My Basmati Bat Mitzvah Review

my_basmati_bat_mitzvahMy Basmati Bat Mitzvah by Paula J. Freedman

Harry N. Abrams, 2013. 978-1419708060

Synopsis: During the fall leading up to her bat mitzvah, Tara (Hindi for “star”) Feinstein has a lot more than her Torah portion on her mind. Between Hebrew school and study sessions with the rabbi, there doesn’t seem to be enough time to hang out with her best friend Ben-O–who might also be her boyfriend–and her other best friend, Rebecca, who’s getting a little too cozy with the snotty Sheila Rosenberg. Not to mention working on her robotics project with the class clown Ryan Berger, or figuring out what to do with a priceless heirloom sari that she accidentally ruined. Amid all this drama, Tara considers how to balance her Indian and Jewish identities and what it means to have a bat mitzvah while questioning her faith. – from Amazon.com

Why I picked it up: I want to expand my multicultural knowledge base and I have a special place in my reading list for stories about finding yourself.

Why I finished it: Tara is a charismatic narrator with a wacky family and caring friends that despite misunderstandings will always have her back. And like any young teen, she’s trying to find a happy medium between what she wants and what her parents want…and what side of her family she most identifies with – her Jewish side of her Indian side. Tara has the unique problem of being in a culturally diverse family and it’s clearly having an effect on her religious beliefs and on her relationships with her friends. She doesn’t want to have to give up her identity as a Indian-American Jew to be just ‘Jewish’ or just ‘Indian-American’. Freedman has captured both the confusion and the determination of a young girl to prove that she is her own person while navigating the minefield of personal relationships. It reminds the reader about the confusion of first loves, the strength of true friendship, and the often overlooked support that comes from family. The novel is a charming coming-of-age story that proves that everyone is unique and that we can shape ourselves in ways we never thought were possible.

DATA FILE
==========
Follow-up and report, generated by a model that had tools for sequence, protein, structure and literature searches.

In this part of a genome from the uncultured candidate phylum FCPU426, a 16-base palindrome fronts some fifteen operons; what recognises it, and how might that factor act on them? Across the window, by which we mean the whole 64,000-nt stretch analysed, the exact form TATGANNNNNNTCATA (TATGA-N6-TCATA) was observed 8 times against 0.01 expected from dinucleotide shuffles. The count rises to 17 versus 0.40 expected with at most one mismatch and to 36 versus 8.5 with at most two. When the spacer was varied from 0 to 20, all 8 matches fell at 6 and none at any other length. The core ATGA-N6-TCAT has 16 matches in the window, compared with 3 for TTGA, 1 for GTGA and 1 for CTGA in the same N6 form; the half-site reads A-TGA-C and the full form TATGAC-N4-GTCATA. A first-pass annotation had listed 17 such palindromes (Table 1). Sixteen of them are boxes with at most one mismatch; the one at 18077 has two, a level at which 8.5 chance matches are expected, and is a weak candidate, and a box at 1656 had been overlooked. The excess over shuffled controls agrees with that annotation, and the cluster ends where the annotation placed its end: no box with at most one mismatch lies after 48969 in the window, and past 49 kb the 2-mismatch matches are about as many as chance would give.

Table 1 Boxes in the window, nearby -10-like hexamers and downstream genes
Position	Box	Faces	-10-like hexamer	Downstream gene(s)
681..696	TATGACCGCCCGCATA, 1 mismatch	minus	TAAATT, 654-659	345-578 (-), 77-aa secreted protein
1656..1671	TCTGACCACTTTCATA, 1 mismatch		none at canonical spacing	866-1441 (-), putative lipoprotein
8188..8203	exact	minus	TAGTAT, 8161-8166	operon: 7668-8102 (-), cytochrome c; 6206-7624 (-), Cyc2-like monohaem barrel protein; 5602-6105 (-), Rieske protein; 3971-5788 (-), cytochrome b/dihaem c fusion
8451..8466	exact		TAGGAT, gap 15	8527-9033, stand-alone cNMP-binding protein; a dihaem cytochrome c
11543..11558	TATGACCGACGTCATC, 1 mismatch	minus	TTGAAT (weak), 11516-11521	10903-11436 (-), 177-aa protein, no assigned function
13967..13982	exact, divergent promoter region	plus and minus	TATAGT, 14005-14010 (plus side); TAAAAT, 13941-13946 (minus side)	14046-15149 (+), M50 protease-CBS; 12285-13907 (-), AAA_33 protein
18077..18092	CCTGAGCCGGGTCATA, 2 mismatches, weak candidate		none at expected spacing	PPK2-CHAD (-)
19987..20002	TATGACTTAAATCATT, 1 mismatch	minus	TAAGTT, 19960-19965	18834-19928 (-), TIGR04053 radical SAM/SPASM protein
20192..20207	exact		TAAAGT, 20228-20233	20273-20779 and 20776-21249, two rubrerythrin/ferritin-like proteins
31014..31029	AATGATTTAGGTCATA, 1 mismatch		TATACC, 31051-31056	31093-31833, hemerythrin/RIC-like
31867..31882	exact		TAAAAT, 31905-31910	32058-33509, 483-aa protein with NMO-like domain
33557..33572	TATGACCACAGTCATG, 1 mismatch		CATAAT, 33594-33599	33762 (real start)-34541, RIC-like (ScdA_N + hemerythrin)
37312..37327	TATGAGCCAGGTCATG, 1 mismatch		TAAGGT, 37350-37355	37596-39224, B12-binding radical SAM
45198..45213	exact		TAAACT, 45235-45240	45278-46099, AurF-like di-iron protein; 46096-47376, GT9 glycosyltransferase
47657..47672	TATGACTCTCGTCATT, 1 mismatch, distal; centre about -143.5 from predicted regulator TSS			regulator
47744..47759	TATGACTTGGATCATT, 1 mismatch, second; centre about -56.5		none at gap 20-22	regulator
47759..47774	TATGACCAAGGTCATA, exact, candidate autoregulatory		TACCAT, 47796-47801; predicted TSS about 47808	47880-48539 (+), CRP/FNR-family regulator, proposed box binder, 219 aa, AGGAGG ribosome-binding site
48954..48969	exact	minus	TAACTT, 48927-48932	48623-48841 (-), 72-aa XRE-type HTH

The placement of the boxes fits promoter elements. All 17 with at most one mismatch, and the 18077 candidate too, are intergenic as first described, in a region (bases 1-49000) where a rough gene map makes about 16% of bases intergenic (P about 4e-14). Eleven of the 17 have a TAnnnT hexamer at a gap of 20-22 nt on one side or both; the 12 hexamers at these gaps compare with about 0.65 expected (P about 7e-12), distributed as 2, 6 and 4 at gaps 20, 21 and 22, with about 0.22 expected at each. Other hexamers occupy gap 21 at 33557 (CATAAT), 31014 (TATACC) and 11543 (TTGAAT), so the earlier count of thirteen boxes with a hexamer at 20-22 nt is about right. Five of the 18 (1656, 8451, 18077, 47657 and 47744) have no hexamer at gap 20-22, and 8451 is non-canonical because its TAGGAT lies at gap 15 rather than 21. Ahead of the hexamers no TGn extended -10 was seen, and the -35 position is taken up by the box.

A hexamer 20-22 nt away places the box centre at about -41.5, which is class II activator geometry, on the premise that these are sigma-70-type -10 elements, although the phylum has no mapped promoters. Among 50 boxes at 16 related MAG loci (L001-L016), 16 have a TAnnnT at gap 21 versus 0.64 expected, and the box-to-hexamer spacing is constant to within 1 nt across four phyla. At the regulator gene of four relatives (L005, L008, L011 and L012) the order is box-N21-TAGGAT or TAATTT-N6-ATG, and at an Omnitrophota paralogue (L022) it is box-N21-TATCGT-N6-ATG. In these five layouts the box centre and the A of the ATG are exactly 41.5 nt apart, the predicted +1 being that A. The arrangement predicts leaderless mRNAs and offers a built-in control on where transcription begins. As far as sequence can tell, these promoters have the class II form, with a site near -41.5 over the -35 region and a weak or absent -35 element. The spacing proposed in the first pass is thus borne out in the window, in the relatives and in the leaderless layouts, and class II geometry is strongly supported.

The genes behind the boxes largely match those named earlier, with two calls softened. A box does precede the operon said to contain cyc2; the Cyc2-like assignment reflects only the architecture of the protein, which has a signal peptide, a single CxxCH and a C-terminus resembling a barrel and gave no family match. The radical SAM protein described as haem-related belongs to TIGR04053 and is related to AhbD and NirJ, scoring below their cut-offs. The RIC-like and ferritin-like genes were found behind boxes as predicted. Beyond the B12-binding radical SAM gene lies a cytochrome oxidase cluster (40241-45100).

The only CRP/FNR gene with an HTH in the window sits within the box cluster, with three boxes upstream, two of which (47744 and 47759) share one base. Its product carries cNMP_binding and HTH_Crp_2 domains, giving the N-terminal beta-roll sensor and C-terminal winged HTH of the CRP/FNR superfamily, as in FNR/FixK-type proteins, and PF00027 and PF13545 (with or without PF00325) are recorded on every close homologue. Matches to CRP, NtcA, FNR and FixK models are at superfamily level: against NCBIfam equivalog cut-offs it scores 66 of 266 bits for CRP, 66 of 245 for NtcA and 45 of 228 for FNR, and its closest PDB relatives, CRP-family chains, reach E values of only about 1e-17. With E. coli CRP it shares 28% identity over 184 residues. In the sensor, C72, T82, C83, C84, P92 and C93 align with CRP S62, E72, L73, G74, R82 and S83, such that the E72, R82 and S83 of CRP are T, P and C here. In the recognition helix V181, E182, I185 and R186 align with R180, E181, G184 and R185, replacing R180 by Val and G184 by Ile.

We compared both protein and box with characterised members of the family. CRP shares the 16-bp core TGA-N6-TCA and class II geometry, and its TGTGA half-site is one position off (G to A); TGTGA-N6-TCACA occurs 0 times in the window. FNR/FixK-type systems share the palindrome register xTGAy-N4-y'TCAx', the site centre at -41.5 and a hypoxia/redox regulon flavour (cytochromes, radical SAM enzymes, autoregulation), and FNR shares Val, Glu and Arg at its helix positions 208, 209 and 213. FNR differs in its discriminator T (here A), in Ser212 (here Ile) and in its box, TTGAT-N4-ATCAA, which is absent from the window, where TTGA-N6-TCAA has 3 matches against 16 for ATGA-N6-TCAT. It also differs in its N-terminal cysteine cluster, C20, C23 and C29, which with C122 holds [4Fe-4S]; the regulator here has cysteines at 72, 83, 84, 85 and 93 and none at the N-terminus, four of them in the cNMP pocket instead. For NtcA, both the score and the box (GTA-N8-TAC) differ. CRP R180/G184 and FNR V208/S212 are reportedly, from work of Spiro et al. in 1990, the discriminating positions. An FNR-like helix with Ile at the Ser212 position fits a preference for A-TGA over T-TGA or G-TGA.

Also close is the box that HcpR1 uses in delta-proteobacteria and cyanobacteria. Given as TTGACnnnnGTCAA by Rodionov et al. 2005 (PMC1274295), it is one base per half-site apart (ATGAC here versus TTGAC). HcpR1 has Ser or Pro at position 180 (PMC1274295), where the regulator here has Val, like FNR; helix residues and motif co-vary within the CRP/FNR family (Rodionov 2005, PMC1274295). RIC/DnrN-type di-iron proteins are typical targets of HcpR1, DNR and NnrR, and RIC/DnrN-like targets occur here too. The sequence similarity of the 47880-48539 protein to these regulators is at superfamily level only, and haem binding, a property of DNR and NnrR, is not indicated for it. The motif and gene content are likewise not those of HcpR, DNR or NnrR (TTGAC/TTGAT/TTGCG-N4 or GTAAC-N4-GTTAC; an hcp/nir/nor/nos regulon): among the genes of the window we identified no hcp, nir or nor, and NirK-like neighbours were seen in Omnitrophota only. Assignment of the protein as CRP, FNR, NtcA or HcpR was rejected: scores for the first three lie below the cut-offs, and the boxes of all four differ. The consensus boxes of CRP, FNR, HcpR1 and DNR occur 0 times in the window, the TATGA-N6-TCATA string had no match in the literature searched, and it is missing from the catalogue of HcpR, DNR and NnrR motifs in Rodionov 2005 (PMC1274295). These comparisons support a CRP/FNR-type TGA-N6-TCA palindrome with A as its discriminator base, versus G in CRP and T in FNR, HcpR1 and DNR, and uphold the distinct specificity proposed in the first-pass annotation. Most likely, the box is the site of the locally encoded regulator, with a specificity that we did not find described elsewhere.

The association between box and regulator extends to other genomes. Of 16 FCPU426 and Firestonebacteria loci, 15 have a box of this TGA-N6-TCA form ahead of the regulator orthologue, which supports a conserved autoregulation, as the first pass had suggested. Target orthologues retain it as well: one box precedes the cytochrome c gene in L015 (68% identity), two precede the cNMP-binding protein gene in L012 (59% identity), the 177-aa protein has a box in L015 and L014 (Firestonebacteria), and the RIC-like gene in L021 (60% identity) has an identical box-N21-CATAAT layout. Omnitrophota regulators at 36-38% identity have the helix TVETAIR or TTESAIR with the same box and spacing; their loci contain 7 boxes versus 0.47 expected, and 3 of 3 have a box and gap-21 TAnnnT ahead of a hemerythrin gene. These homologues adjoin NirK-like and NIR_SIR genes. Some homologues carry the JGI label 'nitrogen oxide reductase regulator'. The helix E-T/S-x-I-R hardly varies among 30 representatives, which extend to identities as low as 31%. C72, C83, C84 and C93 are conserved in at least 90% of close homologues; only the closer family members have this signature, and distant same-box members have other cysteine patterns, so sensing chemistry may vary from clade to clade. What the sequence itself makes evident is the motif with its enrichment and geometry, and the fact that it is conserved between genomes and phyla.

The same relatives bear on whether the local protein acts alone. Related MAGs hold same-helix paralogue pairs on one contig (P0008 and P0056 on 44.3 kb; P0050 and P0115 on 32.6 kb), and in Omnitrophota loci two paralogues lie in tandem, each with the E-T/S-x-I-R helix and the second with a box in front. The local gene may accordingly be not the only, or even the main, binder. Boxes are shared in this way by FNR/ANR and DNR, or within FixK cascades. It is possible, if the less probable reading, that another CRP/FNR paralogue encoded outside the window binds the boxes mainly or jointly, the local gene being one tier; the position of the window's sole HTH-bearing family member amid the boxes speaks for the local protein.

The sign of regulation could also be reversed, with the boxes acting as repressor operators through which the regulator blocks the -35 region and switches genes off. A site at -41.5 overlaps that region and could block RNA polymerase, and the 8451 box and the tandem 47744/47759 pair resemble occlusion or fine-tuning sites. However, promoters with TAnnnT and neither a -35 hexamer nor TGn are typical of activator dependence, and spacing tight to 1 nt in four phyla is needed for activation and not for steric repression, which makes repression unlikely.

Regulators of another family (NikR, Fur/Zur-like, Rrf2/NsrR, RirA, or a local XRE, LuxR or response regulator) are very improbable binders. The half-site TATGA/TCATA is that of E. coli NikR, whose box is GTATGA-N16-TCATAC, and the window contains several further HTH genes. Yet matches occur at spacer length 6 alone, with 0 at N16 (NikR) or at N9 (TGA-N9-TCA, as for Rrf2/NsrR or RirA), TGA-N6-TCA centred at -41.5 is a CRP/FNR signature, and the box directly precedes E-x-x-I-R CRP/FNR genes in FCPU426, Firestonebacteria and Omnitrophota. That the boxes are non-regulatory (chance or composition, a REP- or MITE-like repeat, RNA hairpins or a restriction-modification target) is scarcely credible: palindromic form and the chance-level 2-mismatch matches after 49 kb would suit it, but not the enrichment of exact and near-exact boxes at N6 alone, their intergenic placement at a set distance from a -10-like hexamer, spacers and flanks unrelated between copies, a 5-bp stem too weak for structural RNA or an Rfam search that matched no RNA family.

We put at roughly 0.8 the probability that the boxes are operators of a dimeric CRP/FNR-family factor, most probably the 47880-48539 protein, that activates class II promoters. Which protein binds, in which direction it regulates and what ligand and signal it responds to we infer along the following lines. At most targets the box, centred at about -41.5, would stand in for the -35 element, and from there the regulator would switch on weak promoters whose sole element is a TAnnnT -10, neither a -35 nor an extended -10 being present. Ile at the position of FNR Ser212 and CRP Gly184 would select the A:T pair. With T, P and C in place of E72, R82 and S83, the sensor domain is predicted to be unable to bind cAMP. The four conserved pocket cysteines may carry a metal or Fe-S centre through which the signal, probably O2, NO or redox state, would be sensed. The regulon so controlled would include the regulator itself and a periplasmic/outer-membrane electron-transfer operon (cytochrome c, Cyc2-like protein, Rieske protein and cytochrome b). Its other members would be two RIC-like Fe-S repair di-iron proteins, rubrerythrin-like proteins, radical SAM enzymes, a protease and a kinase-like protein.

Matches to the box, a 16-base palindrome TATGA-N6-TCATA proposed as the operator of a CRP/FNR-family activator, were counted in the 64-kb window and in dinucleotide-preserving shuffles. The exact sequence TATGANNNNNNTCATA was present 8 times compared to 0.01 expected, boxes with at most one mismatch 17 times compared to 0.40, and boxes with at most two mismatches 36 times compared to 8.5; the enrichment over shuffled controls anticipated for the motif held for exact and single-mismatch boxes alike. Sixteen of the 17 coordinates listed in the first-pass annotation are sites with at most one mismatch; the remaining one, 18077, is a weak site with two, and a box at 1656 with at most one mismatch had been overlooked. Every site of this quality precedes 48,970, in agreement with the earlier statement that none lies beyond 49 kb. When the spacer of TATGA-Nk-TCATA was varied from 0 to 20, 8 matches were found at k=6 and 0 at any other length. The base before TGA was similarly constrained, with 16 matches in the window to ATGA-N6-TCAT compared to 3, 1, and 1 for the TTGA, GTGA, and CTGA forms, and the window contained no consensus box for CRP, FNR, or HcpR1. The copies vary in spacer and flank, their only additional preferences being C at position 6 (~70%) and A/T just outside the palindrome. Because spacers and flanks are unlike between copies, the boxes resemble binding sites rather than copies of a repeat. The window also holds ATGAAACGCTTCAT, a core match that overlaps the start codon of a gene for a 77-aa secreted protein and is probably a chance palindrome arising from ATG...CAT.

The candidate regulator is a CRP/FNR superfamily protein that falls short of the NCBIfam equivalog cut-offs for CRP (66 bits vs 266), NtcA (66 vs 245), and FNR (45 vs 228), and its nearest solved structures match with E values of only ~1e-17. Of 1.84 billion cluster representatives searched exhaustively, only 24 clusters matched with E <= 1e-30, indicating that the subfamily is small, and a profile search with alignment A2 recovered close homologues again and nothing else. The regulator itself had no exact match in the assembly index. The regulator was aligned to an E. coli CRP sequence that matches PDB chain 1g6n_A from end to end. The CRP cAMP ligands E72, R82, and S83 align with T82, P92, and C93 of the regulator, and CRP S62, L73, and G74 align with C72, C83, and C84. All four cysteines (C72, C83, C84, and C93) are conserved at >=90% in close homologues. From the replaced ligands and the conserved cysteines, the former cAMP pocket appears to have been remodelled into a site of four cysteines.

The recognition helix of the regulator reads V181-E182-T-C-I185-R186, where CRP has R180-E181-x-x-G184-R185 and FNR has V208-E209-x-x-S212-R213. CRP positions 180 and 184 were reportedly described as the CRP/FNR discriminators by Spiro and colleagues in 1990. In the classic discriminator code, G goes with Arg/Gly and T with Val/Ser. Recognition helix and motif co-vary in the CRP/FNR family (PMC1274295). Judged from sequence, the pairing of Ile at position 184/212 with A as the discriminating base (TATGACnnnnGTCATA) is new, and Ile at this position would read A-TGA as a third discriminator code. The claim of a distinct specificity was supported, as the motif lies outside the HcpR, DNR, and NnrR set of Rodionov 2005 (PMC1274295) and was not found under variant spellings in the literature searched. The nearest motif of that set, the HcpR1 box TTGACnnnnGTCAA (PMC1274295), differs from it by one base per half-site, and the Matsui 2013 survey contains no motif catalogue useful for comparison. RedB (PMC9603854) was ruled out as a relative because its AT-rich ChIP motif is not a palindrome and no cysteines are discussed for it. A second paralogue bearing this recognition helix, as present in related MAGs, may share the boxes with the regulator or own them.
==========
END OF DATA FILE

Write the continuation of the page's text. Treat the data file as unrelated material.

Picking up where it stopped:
Other related materials: You Are SO Not Invited to My Bat Mitzvah! by Fiona Rosenbloom; We Are SO Crashing Your Bar Mitzvah! by Fiona Rosenbloom; The Truth About My Bat Mitzvah by Nora Raleigh Baskin; The JGirl’s Guide: The Young Jewish Woman’s Handbook for Coming of Age by Penina Adelman, Ali Feldman, and Shulamit Reinharz; The JGuy’s Guide: The GPS for Jewish Teen Guys by Rabbi Joseph B. Meszler, Shulamit Reinharz, Liz Suneby, and Diane Heiman; Hereville: How Mirka Got Her Sword by Barry Deutsch; Hereville: How Mirka Met a Meteorite by Barry Deutsch; The Night Journey by Kathryn Lasky; A Time of Angels by Karen Hesse, illustrated by Michelle Barnes; The Path of Names by Ari Goelman; My Family For The War by Anne C. Voorhoeve; Looking for Me…In This Great Big Family by Betsy C. Rosenthal; Stories for Children by Isaac Bashevis Singer; With a Mighty Hand: The Story in the Torah adapted by Amy Erlich, illustrated by Daniel Nevins; The Barefoot Book of Jewish Tales by Shoshana Boyd Gelfand, illustrated by Amanda Hall, narrated by Debra Messing; Letters from Rivka by Karen Hesse; All-of-a-Kind Family by Sydney Taylor; More All-of-a-Kind Family by Sydney Taylor; Boys Without Names by Kashmira Sheth

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